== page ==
Thursday, March 31, 2016

CI is the New Buzzword

Recently at a conference, a fellow-CI user attended a session which was publicized as one involving CI (the words "Comprehensible Input" were in the title). To her surprise, she found that the session really had nothing to do with CI, as the speaker was focusing on full immersion, forced output, and no translation into L1 for the establishment of meaning. Yet, the speaker was saying that these were all components of a CI classroom. 

The term "CI" has become the new buzzword in world language education, but unfortunately, I do not think that many people who use the term truly understand it. On the one hand, I am happy to see that many teachers are embracing CI, but I also do not like the fact that CI has become "trendy." As I write this, please do not think that I wish to play "CI police" or that I own the market on CI, since I too still am learning about Comprehensible Input. By no means am I a full expert on the topic. 

In many occasions, however, a misinformation regarding CI is disseminated. This may be the result of a number of reasons. Now there is a difference between those who knowingly use the term CI but possess a limited understanding of it and acknowledge that they want to learn more about it vs. those who use the word generously but think it to be something else. I feel that there are many out there who possess an academic knowledge of CI but not a heart understanding of it.

Ways to learn about CI:

  1. Attend a local CI workshop in your area. Here is a listing of Blaine Ray TPRS workshops, and Laurie Clarcq has an updated list on her blog
  2. Read CI blogs. On the sidebar, there is a listing of CI blogs which I regularly read.
  3. Join CI communities, either online or in person.
  4. Attend national CI conferences, such as NTPRS and IFLT.
  5. Collaborate with other CI users, either online or in person. This is key. I really do not think that I would be the CI teacher which I am today if it were not for a my community of local CI users.
Although learning about CI through reading blogs is helpful, in my opinion, it is not enough, as it is limited; blogs can only go so far in teaching about CI. I cannot say it enough: one of the best ways to understand Comprehensible Input is to experience it first hand learning another language which you do not know from a teacher using CI and to experience all components of the language (listening, reading, writing, speaking) in a CI manner. I always point to my experiences with Blaine Ray at my first TPRS workshop where I learned German and with Betsy Paskvan at two NTPRS conferences where I learned Japanese. The first hand experiential knowledge of CI is key, because you will understand how your own students feel in your classroom.

I have found that in my own experience that the more I learn about CI, the more I teach using it, and most importantly, the more I myself experience it, the deeper my knowledge of CI becomes. I hope the same for you too.

Thursday, March 24, 2016

CI Sessions at the 2016 ACL Summer Institute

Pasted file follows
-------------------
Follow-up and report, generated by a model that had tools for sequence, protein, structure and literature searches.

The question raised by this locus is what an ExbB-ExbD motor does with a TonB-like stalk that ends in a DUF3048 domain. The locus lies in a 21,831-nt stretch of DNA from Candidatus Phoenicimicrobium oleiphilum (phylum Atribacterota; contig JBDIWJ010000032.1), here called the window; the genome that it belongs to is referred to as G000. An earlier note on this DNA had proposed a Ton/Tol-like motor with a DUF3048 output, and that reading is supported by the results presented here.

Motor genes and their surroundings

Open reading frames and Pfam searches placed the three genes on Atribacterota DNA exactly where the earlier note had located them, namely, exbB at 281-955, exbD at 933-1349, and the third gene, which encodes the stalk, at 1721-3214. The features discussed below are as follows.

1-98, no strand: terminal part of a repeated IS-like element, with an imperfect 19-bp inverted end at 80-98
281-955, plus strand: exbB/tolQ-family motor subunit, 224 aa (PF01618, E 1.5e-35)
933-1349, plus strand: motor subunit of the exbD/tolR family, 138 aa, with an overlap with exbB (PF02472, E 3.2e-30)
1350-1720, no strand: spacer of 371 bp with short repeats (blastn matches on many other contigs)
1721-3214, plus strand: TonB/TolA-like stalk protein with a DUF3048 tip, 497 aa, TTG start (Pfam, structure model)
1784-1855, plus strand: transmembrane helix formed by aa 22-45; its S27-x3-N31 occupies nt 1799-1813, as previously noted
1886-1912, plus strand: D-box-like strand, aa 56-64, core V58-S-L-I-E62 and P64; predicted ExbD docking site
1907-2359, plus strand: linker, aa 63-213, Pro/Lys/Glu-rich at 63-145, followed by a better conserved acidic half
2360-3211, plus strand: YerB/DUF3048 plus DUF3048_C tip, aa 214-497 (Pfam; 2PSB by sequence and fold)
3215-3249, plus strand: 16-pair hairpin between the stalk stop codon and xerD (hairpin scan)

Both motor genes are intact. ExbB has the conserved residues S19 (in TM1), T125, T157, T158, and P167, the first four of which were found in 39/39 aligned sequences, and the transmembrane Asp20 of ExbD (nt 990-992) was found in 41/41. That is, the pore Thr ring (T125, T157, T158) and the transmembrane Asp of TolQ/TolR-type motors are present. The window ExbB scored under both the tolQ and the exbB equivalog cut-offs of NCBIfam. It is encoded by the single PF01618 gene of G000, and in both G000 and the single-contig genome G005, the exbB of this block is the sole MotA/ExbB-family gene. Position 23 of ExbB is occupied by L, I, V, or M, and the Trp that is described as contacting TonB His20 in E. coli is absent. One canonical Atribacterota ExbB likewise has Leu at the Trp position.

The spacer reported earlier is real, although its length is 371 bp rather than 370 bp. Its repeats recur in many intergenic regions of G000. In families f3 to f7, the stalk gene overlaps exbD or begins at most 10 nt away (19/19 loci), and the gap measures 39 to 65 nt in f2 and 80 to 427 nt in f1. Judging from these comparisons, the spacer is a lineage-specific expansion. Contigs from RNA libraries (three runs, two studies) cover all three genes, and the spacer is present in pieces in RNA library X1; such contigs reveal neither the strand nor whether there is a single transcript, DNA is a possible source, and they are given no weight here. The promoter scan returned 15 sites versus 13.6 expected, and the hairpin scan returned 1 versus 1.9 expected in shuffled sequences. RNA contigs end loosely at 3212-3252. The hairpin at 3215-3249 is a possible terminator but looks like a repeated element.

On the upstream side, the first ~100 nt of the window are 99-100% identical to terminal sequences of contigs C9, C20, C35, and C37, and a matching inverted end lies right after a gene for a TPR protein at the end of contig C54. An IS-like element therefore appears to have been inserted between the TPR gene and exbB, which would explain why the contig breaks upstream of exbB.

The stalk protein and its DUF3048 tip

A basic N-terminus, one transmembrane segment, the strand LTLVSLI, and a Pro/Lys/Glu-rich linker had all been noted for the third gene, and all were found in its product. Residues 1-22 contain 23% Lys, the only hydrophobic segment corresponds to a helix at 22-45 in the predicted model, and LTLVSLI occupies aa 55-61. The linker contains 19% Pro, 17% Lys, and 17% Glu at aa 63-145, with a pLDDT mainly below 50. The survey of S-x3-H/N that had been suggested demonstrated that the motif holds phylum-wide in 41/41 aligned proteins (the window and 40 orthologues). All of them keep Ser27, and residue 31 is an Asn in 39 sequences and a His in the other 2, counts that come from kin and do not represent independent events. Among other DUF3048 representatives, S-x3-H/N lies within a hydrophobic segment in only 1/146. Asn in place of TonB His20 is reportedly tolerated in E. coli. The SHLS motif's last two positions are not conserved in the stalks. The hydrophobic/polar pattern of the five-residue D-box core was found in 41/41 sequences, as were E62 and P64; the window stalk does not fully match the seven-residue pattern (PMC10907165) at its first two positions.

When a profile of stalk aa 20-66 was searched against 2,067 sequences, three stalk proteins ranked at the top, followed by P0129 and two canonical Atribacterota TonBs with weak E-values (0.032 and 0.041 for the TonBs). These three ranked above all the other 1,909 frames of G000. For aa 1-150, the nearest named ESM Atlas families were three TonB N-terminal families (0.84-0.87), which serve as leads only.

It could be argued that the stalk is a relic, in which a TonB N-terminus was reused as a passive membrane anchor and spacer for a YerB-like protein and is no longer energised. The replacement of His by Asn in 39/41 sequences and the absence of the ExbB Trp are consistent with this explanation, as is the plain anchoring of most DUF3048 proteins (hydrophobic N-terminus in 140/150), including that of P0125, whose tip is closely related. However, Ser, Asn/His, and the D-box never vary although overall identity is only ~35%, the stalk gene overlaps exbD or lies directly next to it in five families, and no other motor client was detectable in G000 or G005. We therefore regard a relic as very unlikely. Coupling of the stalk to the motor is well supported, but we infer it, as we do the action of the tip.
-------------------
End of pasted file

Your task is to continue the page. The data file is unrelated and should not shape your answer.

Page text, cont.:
At this summer's American Classical League Summer Institute (the national conference for Latin teachers), there will be NINE CI-based/friendly presentations. This is up from four presentations last year! If you are a Latin teacher who is interested in CI, consider attending the 2016 ACL Summer Institute and checking out one (if not all!) of the following presentations.

6-hour PreInstitute Workshop
  • Comprehensible Input Strategies: Scaffolding and Sequencing for the Latin Classroom - Keith Toda, Robert Patrick,  Rachel Ash
Regular Presentations
  • Technology in the Comprehensible Input Latin Classroom: How to Go Beyond Kahoot - Keith Toda
  • Let's Make a Story! ‐ Story‐Asking for the Comprehensible Input Classroom - John Bracey
  • Hard Grammar? What Hard Grammar? Justin Bailey
  • Comprehensible Consequences - Traci Dougherty
  • Teaching Vocabulary with Movie Shorts - Rachel Ash
  • Gradūs Parvī: Creating Tiered Readings for Any Level of Instruction - Kevin Ballestrini
  • The Value of Writing in the Cl Classroom - Robert Patrick
  • Teaching Latin with a Novel‐‐All Modes of Communication - Robert Patrick
If there are other CI presentations of which you know, please let me know so that I can add them to this list.

Saturday, March 19, 2016

Camera Freeze Frame

If you are looking for a good 1.5 day project, this is a good one. Camera Freeze Frame is an activity which I learned from Carrie Toth at NTPRS a few years ago, and it is an extension of another activity which I had done in the past. Essentially, the basic idea is to give students a digital camera, with which they will take pictures which depict scenes from a particular story. These pictures can then be used as a matching activity (which scene is this from the story?) or as a digital storybook. Carrie Toth has taken this idea to a whole new level using the app Educreations.

The concept is still the same: give students a digital camera and have them depict scenes from a story which the class has been reading.

PreClass Directions:
As the teacher, you will need to do the following:
  1. Pick out a short story which students will depict using pictures. I have found that the story should be no more than 9 sentences due to time restrictions.
  2. Organize the class into groups of 6 (if possible). I preselected the groups myself based on student personality types so that there would be a mix.
  3. Set up a Google Drive folder where students will deposit their pictures
  4. Reserve digital cameras for the class. Each group will need a camera. I chose not for students to use their phones, because since they will upload their pictures to Google Drive, every student's phone is different which results in interface issues.
  5. Reserve a few laptops so that multiple groups can upload their pictures at the same time.
Class Directions
Day 1
  1. Go over your particular story to ensure that meaning has been established for all students. For this story, I did a choral reading and then played a round of Stultus.
  2. Here are the directions which I handed out: Freeze Frame directions
  3. Go over the directions with the class to ensure that all understand what they are.
  4. Give the groups time to select student jobs and to begin to stage each scene.
Day 2
  1. Give a digital camera to the photo taker in each group.
  2. Give students a choice of props.
  3. Set out 2-3 laptops around the room.
  4. Each group will have 30-35 minutes to "shoot their scenes." 
  5. When each group is finished, the photo taker will upload the pictures to his/her group's folder. 
Day 2 Post Class Directions
As the teacher, you will need to do the following: